(Reuters) - Two additional SolarCity Corp board members with ties to Elon Musk are recusing themselves from making decisions regarding Tesla Motors Inc’s offer to buy the solar power company, in a bid to alleviate corporate governance concerns surrounding a potential deal.
The new recusals mean the majority of SolarCity’s board will be sitting out the decision on whether to be acquired by Tesla.
Peter Rive, who is the cousin of Tesla chief executive and SolarCity chairman Musk, along with JB Straubel, chief technology officer and co-founder of Tesla, are both recusing themselves from the decision-making process, SolarCity spokesman Jonathan Bass said in a statement emailed to Reuters late on Friday.
Musk, the largest shareholder in both companies, recused himself earlier from voting on the potential deal, along with Antonio Gracias who sits on both companies’ boards, and SolarCity Chief Executive Lyndon Rive, who is Musk’s cousin as well as Peter Rive’s brother.
There are three remaining SolarCity board members: John Fisher and Nancy Pfund, both venture capitalists and Donald Kendall Jr., CEO of Kenmont, an investment management firm.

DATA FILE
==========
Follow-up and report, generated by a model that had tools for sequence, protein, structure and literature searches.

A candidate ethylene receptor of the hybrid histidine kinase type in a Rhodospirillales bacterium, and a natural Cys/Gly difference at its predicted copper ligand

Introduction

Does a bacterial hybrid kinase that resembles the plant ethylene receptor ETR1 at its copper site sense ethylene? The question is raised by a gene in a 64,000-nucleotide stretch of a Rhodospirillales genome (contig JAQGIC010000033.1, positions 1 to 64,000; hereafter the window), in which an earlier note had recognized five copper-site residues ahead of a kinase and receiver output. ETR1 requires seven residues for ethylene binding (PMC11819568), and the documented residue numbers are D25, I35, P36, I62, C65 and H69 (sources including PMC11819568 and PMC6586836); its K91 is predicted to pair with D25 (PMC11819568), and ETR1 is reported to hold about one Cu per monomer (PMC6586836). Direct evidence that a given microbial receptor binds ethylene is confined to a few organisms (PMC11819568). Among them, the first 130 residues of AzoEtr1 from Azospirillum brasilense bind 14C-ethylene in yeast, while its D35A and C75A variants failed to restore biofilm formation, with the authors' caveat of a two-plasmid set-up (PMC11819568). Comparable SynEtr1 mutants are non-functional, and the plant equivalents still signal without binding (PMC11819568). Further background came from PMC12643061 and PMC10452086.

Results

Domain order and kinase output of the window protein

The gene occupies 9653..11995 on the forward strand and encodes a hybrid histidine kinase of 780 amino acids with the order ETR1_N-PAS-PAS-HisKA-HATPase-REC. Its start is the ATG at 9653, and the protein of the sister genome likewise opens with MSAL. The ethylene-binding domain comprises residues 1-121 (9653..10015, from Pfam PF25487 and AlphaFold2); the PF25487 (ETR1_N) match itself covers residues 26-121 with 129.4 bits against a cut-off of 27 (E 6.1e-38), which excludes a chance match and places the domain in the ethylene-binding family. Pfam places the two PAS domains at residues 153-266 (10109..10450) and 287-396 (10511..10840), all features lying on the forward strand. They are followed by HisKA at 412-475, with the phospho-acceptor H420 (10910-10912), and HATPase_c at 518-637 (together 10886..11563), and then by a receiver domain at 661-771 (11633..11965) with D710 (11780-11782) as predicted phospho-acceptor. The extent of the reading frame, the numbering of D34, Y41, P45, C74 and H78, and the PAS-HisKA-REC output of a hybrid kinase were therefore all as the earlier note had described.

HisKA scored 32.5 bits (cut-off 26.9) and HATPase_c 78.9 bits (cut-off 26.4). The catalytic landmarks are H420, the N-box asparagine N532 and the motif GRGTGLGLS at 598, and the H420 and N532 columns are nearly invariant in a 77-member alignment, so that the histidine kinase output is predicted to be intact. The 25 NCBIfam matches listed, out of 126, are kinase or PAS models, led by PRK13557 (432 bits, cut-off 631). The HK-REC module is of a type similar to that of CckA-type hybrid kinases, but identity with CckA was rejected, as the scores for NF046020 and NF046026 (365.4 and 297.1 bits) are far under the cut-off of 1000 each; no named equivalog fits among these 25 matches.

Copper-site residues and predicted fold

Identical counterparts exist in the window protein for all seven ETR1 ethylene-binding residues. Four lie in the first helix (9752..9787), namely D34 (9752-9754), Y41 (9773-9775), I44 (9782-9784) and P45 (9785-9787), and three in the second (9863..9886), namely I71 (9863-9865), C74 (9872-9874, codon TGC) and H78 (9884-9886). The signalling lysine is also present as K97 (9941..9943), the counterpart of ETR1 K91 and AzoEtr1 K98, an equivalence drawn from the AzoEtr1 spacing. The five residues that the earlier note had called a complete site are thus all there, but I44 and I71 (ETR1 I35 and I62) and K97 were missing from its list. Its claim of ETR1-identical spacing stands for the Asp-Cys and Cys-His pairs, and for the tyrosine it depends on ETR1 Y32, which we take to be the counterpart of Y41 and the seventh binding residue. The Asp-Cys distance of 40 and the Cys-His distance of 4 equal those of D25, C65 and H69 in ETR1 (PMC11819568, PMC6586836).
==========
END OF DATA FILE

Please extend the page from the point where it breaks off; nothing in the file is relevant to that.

“We’re very mindful of the need to have a process that ensures independent, objective decisions that are in the best interest of all shareholders,” SolarCity’s Bass said in the statement.
Tesla did not immediately respond to a request for comment.
SolarCity will form a special independent committee of the board, which will have independent counsel, Bass said.
“Only board members who meet the requirements for independence will be involved in the decision-making process at SolarCity,” he added.
Musk has described a tie-up between Tesla and SolarCity as a “no brainer.” The company could sell customers an electric car, a home battery and a solar system all at once, he said.
But investors, including some who short the stocks, betting that shares will fall, point to the conflict of interest and the risk of uniting two money-losing companies which both regularly raise cash to support expansion.
Since Tesla announced its offer to buy SolarCity in a deal worth $2.8 billion last Tuesday, analysts and investors have been concerned that the electric car firm’s growth plan carries a financial burden and additional debt it cannot afford.
SolarCity shares have fallen more than 50 percent this year in a highly competitive market, fanning criticism that a Tesla deal was meant to save SolarCity.
Writing by Liana B. Baker, editing by Peter Henderson and Tom Brown